The villotta is a song in Venetian or Paduan dialect, typically for four voices. This thesis examines the villotta as a construction of sexualised rusticity and proposes implications this has for the dedicatees or sponsors of three printed collections of villotte. The dedicatees, the initial target audience of these books, inhabit a social milieu far removed from the rustic world evoked by the titles and contents of the publications. This project uses these books to explore issues of hierarchy in musical culture, to scrutinise cinquecento sexual representation in song and to investigate the performance of identity in the elite, predominately homosocial circles from which they originate.
There are at least three tiers of indecencies in the villotta: overt sexual content; obscene allusions achieved through musico-textual devices; or the use of sexual metaphor that exceeds the death=orgasm trope. Employing Jean Toscan’s comprehensive study of equivocal poetry, I demonstrate that many villotte draw on a vast contemporaneous erotic lexicon referring to sexual practices then considered socially dangerous, such as sodomy. Equivocal poetry allows the simultaneous perception of multiple meanings, that is the surface meaning and one or more layers encoded in the language. The virtuosity of the author in manipulating these metaphors and the composer’s skill in revealing or concealing the erotic content are meanings in their own right.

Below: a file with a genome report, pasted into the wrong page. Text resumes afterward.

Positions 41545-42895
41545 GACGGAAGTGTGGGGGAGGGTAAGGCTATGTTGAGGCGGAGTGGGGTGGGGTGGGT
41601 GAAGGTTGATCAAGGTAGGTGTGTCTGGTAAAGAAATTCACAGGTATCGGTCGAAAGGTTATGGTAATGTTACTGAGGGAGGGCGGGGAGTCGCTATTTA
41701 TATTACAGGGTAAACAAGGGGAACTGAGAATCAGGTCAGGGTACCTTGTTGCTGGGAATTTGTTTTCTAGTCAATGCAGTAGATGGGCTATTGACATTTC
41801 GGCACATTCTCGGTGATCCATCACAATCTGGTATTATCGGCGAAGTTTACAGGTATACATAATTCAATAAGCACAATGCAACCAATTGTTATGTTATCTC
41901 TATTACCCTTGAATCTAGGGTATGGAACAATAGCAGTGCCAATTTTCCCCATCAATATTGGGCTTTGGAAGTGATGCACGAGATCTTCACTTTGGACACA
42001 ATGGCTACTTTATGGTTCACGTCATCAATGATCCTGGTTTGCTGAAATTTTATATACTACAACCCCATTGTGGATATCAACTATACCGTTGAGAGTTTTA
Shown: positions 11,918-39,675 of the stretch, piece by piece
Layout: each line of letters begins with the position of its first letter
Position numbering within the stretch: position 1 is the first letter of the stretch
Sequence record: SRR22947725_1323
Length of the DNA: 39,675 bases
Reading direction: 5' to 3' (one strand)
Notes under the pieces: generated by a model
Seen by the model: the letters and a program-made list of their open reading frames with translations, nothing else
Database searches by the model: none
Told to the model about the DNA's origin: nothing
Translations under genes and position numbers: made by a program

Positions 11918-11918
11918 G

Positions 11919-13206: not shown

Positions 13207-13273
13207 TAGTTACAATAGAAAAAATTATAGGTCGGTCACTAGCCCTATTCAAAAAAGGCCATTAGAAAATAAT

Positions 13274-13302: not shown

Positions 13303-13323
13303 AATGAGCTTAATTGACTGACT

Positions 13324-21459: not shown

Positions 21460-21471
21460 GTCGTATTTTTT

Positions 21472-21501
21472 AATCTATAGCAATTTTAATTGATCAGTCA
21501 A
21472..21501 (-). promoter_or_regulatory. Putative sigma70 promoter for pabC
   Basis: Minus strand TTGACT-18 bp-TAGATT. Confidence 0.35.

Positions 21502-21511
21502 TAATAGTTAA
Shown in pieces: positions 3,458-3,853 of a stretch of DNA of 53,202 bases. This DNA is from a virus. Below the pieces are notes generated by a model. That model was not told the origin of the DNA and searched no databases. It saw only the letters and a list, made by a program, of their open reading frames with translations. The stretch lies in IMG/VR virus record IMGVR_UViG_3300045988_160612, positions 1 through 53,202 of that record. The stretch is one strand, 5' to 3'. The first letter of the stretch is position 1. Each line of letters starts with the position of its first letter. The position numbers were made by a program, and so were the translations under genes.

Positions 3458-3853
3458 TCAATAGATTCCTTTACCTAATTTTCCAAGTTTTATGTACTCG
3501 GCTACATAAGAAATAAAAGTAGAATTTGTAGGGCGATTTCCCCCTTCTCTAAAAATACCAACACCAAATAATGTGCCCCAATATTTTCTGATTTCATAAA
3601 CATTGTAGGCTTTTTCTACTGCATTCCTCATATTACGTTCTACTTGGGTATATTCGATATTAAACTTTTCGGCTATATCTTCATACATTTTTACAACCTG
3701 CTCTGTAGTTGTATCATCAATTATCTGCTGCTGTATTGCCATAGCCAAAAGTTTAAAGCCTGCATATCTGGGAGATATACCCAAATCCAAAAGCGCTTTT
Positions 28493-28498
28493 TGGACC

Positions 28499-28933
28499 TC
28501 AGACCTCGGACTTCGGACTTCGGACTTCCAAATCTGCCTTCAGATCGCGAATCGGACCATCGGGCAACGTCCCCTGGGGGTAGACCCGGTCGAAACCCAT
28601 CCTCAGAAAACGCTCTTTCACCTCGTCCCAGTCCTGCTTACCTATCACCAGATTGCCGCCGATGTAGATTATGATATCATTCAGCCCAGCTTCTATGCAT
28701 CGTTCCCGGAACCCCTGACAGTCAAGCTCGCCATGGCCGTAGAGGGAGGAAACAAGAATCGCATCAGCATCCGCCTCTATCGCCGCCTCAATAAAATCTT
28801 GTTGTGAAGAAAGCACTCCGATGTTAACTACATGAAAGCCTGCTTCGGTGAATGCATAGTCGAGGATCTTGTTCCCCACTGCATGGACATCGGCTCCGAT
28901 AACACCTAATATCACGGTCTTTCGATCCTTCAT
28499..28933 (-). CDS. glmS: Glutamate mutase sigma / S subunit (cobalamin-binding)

I assess the categories used to describe sexual language and argue that the concealment and revelation of indecency is closely related to the art of sprezzatura necessary in court and academy alike. In polite company, musical eroticism—particularly when so closely associated with rusticity—becomes a test of gentility. By responding with the requisite degree of nonchalance, gentlemen and gentlewomen demonstrate their status and sophistication.
Doctoral dissertation. University of Southampton, 2004.
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